This colorful Hubble Space Telescope mosaic of a small portion of the Monkey Head Nebula unveils a collection of carved knots of gas and dust silhouetted against glowing gas. The cloud is sculpted by ultraviolet light eating into the cool hydrogen gas.
Image Credit: NASA, ESA, and the Hubble Heritage Team (STScI/AURA)
This esthetic close-up of cosmic clouds and stellar winds features LL Orionis, interacting with the Orion Nebula flow. Adrift in Orion’s stellar nursery and still in its formative years, variable star LL Orionis produces a wind more energetic than the wind from our own middle-aged Sun. As the fast stellar wind runs into slow moving gas a shock front is formed, analogous to the bow wave of a boat moving through water or a plane traveling at supersonic speed.
The small, arcing, graceful structure just above and left of center is LL Ori’s cosmic bow shock, measuring about half a light-year across. The slower gas is flowing away from the Orion Nebula’s hot central star cluster, the Trapezium, located off the upper left corner of the picture. In three dimensions, LL Ori’s wrap-around shock front is shaped like a bowl that appears brightest when viewed along the “bottom” edge. The beautiful picture is part of a large mosaic view of the complex stellar nursery in Orion, filled with a myriad of fluid shapes associated with star formation.
Image Credit: NASA, ESA and the Hubble Heritage Team
Apollo 8, the first manned mission to the moon, entered lunar orbit on Christmas Eve, Dec. 24, 1968. That evening, the astronauts-Commander Frank Borman, Command Module Pilot Jim Lovell, and Lunar Module Pilot William Anders-held a live broadcast from lunar orbit, in which they showed pictures of the Earth and moon as seen from their spacecraft. Said Lovell, “The vast loneliness is awe-inspiring and it makes you realize just what you have back there on Earth.” They ended the broadcast with the crew taking turns reading from the book of Genesis.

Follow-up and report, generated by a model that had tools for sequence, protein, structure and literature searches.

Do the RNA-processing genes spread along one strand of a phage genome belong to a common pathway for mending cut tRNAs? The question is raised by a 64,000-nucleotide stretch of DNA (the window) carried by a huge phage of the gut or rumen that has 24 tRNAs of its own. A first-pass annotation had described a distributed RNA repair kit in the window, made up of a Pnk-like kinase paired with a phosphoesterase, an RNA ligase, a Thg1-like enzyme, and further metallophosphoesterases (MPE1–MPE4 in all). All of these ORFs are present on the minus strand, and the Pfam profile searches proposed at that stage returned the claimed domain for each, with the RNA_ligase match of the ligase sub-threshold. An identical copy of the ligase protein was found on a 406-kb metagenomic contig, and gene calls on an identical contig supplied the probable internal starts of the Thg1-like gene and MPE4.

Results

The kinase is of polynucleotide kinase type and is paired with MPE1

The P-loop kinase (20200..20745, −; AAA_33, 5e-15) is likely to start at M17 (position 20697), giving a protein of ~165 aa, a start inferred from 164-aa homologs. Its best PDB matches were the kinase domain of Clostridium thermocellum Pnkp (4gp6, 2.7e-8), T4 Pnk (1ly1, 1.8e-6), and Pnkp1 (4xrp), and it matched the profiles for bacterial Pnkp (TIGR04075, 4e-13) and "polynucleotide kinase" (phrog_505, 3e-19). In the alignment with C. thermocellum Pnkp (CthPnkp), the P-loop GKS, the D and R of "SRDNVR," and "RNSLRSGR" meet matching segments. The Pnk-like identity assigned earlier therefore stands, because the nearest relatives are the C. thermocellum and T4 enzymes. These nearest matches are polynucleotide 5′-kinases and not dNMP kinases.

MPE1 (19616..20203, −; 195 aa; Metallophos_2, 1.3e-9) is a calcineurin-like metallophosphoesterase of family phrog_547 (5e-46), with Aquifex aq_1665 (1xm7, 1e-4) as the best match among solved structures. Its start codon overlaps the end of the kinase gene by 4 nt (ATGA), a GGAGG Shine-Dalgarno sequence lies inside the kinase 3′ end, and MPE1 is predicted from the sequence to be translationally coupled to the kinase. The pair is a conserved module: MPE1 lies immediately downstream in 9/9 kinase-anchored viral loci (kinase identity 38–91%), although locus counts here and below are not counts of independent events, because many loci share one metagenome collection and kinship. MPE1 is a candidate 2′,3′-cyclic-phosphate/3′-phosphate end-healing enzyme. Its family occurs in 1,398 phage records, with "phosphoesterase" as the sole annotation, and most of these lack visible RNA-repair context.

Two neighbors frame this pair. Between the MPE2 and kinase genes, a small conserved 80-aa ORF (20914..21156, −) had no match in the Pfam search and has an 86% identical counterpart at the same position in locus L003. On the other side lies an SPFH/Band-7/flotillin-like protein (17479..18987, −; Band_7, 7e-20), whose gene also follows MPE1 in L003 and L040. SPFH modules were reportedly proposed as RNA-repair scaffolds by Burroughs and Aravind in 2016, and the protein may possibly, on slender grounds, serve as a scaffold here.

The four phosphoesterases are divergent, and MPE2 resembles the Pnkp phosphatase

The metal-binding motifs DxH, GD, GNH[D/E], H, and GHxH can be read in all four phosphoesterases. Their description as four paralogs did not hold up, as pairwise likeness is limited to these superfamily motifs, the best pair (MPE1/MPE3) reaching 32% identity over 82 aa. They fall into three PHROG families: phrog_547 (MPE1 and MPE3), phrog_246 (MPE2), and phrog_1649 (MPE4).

Image Credit: NASA
On Jan. 19, 2007, the Cassini spacecraft took this view of Saturn and its rings — the visible documentation of a technique called a “pi transfer” completed with a Titan flyby. A pi transfer uses the gravity of Saturn’s largest moon, Titan, to alter the orbit of the Cassini spacecraft so it can gain different perspectives on Saturn and achieve a wide variety of science objectives. During a pi transfer, Cassini flies by Titan at opposite sides of its orbit about Saturn (i.e., Titan’s orbital position differs by pi radians between the two flybys) and uses Titan’s gravity to change its orbital perspective on the ringed planet.
Taking in the rings in their entirety was the focus of this particular imaging sequence. Therefore, the camera exposure times were just right to capture the dark-side of its rings, but longer than that required to properly expose the globe of sunlit Saturn. Consequently, the sunlit half of the planet is overexposed.
The view is a mosaic of 36 images — that is, 12 separate sets of red, green and blue images — taken over the course of about 2.5 hours, as Cassini scanned across the entire main ring system. This view looks toward the unlit side of the rings from about 40 degrees above the ring plane.